Having positive self-esteem can help to create emotionally resilient adults, who are able to be independent, take pride in their achievements, accept their frustrations and deal with them accordingly, try new things and help others if and when possible.
What Can Cause Low Self-Esteem?
Self-esteem can be affected by many things and can, therefore, change suddenly. Difficult or stressful life events can have a large impact on self-esteem. Such as:
- Being bullied or abused
- Experiencing discrimination or stigma
- Losing your job or finding it hard to become employed
- Experiencing problems at work or while studying
- Experiencing ongoing stress
- Having ongoing physical health problems
- Having mental health conditions
- Relationship problems, such as separation or divorce (either yourself or parents)
- Worrying about appearance and body image
- Having financial concerns
- Having unsupportive parents/caregivers
- Friends who are bad influences
- Poor performance in school or having unrealistic goals
Signs Someone Is Suffering From Low Self-Esteem:
Children and teens who are experiencing low self-esteem are likely to avoid new things, blame others for their own mistakes, have negative thoughts about themselves and/or talk about themselves in a negative manner. Teenagers may show other signs such as; walking with their head down, avoiding eye contact with others, being involved with teasing and gossiping about others, engage in inappropriate physical contact or avoiding physical contact altogether, use gestures that are dramatic and often out of context, speaking loudly and in an aggressive tone and constantly apologizing.
If you think that someone is speaking about themselves in a negative manner and avoiding things that they would usually take part in, try speaking to them, compliment them and help them with anything they may be struggling with. A little bit of kindness can go a long way.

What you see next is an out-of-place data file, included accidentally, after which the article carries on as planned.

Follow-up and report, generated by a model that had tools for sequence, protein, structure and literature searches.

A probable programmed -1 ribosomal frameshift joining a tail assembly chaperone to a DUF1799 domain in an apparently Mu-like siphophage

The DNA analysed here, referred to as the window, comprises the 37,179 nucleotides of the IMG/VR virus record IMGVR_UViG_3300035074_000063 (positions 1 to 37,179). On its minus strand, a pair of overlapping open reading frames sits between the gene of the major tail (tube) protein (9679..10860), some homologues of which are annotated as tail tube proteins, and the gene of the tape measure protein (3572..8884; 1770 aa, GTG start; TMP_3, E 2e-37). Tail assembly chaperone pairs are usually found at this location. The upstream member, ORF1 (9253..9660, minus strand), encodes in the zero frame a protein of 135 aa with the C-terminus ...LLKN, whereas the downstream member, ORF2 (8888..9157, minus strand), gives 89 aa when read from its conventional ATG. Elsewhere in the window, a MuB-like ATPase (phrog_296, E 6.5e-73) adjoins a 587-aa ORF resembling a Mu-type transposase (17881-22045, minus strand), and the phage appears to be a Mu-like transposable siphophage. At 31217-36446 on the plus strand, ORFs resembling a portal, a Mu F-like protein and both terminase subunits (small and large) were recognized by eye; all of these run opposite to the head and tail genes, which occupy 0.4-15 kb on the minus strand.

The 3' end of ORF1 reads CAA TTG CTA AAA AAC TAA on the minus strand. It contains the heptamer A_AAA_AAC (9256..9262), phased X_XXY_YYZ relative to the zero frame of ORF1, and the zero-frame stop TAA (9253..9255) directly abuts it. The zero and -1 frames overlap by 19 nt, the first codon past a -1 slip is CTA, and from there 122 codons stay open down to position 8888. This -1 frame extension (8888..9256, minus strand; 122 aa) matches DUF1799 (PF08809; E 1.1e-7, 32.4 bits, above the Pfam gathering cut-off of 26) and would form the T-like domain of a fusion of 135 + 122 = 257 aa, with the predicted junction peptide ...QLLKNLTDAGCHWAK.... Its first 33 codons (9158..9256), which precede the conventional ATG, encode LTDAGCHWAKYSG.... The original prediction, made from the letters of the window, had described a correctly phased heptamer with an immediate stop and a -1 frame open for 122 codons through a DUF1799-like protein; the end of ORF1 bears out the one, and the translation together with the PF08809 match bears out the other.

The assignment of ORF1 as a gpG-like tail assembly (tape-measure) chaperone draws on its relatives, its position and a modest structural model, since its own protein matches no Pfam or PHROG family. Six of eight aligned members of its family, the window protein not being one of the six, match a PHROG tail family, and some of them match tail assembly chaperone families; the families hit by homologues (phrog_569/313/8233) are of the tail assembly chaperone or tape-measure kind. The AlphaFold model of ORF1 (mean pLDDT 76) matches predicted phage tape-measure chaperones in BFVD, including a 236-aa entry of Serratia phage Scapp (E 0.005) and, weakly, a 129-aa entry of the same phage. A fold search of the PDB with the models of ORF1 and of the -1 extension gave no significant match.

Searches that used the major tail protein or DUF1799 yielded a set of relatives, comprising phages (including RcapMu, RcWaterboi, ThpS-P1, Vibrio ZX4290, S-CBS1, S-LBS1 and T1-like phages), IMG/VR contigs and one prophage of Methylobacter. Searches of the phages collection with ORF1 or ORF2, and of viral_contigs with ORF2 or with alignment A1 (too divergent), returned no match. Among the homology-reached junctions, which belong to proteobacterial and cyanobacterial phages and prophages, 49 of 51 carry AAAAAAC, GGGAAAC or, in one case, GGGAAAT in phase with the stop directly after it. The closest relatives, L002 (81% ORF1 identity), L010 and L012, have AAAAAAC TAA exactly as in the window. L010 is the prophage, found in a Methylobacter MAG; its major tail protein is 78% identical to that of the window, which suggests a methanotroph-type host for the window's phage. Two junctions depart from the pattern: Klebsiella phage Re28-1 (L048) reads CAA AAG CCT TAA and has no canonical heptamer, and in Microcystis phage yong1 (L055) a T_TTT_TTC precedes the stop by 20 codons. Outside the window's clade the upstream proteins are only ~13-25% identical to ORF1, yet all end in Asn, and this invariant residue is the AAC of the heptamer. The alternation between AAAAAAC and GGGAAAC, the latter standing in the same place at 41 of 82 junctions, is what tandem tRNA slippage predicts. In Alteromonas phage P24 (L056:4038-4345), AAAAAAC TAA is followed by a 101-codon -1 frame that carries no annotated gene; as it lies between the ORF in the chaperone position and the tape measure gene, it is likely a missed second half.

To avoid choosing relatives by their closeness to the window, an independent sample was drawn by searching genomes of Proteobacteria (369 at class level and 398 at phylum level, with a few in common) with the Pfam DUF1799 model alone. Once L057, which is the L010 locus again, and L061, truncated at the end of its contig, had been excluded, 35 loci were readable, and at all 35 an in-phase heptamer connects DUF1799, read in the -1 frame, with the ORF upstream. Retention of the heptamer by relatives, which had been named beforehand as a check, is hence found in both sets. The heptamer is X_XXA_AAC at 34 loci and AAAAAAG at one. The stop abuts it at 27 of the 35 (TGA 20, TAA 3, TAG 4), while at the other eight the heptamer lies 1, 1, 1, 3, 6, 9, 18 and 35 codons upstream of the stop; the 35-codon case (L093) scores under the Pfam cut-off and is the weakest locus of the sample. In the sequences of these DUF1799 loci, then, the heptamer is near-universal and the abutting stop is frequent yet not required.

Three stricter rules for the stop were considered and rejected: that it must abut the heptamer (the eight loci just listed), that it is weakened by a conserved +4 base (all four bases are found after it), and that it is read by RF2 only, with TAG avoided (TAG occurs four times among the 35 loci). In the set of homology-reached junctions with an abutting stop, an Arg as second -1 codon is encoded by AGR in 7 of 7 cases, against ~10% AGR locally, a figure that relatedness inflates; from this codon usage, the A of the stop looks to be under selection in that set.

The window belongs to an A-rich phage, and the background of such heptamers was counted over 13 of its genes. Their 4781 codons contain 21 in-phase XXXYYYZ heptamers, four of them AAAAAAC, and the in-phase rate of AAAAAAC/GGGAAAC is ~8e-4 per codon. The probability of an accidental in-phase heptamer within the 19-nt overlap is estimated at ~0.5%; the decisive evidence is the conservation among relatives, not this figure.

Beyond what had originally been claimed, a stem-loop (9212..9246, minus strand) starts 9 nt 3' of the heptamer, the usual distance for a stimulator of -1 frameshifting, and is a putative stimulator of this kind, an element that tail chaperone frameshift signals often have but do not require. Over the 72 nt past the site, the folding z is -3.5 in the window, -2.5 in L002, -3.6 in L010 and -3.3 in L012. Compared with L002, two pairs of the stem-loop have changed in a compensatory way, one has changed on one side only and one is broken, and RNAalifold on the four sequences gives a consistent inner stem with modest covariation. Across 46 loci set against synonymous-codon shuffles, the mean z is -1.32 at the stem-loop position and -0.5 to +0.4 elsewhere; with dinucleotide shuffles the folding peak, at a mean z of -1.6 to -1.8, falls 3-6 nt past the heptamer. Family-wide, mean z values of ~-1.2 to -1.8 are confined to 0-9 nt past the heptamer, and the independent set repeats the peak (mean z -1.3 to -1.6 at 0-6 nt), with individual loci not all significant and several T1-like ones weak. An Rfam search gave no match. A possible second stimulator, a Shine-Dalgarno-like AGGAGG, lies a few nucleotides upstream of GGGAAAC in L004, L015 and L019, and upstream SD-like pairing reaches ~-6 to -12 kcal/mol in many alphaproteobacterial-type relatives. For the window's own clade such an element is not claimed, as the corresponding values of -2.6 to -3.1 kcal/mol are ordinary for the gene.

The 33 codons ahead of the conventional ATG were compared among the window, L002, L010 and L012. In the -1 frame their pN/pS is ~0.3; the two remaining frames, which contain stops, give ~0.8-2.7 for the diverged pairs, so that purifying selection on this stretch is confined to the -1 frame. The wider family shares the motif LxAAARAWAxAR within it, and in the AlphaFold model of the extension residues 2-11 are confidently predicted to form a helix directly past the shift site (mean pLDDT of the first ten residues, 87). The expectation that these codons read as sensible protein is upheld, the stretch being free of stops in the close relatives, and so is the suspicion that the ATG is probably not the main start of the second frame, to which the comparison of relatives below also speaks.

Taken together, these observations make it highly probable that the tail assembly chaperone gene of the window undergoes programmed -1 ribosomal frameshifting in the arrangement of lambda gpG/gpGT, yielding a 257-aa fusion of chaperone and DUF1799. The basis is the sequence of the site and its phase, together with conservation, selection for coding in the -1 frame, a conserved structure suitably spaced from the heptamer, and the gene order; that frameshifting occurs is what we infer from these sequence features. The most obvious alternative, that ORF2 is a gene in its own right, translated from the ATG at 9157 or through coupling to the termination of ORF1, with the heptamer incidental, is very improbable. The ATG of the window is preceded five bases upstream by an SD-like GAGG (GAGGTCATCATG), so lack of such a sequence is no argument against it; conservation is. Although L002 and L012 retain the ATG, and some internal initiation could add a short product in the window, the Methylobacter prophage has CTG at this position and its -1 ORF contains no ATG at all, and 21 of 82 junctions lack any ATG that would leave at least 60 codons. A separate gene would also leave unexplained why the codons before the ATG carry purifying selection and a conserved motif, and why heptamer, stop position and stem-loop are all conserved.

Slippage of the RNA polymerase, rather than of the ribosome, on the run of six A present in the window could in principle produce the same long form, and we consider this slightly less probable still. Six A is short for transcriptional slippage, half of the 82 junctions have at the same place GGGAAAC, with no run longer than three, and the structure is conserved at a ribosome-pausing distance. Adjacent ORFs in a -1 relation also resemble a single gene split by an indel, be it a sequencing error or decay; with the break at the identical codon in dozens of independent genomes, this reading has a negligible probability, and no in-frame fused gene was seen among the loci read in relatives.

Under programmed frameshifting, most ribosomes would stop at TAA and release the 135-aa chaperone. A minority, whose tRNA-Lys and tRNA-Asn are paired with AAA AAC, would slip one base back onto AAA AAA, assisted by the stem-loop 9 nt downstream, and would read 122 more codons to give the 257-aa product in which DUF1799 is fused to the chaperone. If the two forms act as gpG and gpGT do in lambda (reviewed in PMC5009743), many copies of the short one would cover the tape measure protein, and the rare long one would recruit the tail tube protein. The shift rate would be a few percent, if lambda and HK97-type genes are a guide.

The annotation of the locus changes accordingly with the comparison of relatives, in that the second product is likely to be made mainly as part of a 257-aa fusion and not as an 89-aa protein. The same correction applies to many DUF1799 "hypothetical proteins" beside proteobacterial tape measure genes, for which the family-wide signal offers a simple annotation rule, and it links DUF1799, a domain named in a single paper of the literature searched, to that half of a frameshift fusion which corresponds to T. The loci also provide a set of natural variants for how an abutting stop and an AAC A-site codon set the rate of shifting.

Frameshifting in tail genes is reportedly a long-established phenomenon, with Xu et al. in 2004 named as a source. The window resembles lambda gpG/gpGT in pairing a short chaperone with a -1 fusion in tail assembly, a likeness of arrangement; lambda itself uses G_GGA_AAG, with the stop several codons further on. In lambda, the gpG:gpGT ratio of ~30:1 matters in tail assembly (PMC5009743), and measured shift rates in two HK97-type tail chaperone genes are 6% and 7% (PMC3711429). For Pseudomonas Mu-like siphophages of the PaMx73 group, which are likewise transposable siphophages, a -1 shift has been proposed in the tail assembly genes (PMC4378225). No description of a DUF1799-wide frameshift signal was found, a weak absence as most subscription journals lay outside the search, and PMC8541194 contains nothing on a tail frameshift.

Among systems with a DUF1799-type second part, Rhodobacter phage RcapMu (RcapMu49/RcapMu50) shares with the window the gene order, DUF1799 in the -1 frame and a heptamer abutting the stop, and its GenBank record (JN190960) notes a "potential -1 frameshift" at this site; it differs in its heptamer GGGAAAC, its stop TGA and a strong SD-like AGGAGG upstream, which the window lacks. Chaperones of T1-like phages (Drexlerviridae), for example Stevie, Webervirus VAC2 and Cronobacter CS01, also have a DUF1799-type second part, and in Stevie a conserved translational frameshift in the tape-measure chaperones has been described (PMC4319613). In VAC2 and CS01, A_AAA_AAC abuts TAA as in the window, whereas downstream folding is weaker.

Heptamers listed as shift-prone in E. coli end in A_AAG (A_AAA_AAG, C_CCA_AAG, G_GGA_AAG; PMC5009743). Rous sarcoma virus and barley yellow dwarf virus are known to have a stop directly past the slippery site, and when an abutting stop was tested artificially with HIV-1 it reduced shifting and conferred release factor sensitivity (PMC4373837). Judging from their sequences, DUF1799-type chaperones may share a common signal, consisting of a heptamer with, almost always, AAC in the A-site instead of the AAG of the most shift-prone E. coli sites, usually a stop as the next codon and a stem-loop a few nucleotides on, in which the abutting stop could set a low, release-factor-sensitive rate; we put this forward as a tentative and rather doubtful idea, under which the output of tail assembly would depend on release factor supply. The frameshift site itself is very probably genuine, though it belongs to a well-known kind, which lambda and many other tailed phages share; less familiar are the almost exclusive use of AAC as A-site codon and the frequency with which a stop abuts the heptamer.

Ways Of Improving Low Self-Esteem:
There are ways to help improve your self-esteem however that does not mean that it is easy.
Try to recognise the things that you are good at; we are all good at something whether it be cooking, colouring, solving puzzles or being a good friend. The things that we are good at are often the things that we receive joy from doing, and therefore boost our mood when we do them.
Surround yourself with positive people and build positive relationships. If someone is making you feel uncomfortable or unhappy, try to avoid spending time with them or speak to them and let them know how their behaviour is making you feel.
Be kind to yourself. This is a difficult one! Think about what you would say to a friend if they were experiencing a similar situation to yourself and take your own advice on board. We often give great advice to others and not so good advice to ourselves.
Practice self-love. Try keeping a self-esteem journal and write things such as:
- Something I did well today….
- I felt proud when…
- Something I did for someone else…
- Today I accomplished…
- I felt good about myself when…
And so on an so forth. This is a good exercise for both children, teenagers and adults as it encourages us to focus on the positive things that are happening around us as well as acknowledging our achievements and allowing ourselves to feel proud of them.